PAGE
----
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[aprssig] "Emergency!" test convention?

Fritz Anderson fritza at manoverboard.org
Wed Jul 21 16:08:19 UTC 2004


What is your response to the problem that on at least a couple of 
levels, the APRS public will not get the word?

1. Putting a quiet period in the spec doesn't put it into installed 
software. Test messages will be flagged by all the software now in use 
as real. Persons using existing software will post real emergencies 
during the quiet period in ignorance that other stations may feel free 
to ignore them. The majority implementors of Mic-E emergency beacons, 
the Kenwood radios, can't be updated to warn posters or filter tests, 
and even if they could, they have no clocks to trigger the filters and 
warnings.

2. Putting a quiet period into the spec doesn't put it into people's 
heads. Practically nobody will read the spec, but if a quiet-period 
operating standard is to work at all, it would have to be understood by 
practically everybody.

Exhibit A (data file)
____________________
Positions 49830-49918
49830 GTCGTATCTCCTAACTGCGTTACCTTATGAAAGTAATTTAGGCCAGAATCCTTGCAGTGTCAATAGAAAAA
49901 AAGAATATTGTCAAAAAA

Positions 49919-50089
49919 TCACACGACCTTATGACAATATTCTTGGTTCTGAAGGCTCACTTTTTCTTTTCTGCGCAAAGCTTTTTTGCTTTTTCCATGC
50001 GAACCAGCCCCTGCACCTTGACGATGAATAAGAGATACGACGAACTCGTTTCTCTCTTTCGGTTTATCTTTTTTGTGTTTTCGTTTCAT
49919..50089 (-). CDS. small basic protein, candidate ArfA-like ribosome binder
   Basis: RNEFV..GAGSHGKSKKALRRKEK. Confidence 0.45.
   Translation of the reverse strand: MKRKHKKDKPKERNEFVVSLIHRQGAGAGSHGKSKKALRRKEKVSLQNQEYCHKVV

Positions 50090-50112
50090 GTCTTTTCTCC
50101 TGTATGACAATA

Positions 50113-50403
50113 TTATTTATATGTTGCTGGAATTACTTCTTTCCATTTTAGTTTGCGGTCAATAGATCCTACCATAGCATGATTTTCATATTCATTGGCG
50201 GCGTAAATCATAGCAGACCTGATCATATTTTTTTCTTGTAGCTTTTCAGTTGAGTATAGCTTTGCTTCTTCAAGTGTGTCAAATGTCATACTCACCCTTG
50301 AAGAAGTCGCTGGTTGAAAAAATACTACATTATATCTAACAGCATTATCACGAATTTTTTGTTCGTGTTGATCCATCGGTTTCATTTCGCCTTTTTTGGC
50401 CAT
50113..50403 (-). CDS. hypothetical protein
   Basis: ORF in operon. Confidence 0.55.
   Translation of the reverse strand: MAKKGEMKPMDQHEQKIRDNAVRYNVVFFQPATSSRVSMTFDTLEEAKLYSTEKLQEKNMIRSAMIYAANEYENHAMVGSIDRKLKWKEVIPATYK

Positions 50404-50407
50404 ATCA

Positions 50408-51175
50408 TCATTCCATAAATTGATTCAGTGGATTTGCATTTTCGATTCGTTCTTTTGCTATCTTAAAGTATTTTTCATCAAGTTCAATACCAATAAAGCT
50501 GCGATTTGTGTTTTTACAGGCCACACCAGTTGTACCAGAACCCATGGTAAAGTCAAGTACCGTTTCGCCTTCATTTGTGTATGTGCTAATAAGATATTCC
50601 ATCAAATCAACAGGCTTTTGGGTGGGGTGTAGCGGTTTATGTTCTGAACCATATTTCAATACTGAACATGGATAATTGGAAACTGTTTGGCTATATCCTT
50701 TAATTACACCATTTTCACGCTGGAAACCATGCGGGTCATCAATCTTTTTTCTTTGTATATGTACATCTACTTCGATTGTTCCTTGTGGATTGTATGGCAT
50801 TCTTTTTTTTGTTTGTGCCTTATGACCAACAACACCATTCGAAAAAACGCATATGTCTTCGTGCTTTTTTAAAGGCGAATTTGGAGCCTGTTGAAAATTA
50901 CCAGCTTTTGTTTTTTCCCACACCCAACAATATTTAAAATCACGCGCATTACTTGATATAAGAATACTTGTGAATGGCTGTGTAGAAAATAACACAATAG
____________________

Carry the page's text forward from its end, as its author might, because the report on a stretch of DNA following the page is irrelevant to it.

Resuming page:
3. Most APRS stations have access to the correct time, but that 
majority is surprisingly small. To be sure, many of the mis-set clocks 
are off by whole hours, and so can correctly recognize the top of the 
hour, but this leaves the computers whose clocks were set by the "it's 
about noon" method, and the very large number of stations -- we come 
back to the Kenwoods -- that have no clocks at all. These stations will 
not reliably filter test messages or handle emergency messages.

My instinct is that your proposal triggers false alarms in almost all 
stations in the short run, and that there's no way in the long run to 
prevent false alarms in a significant minority of stations. Am I 
missing something?

	73 de WT9T
	-- F

On 21 Jul 2004, at 9:07 AM, KC2MMi wrote:

> So may I suggest adding a small point to the APRS spec? From two and 
> half
> minutes before the hour, to two and a half minutes after the hour, 
> every
> hour, that five minute period be set aside for emergency beacon tests. 
> Any
> signal received in that window will be treated as a test to be 
> ignored. Any
> signal continuing after that period, or sent before it, would be 
> treated as
> a real emergency signal of course.





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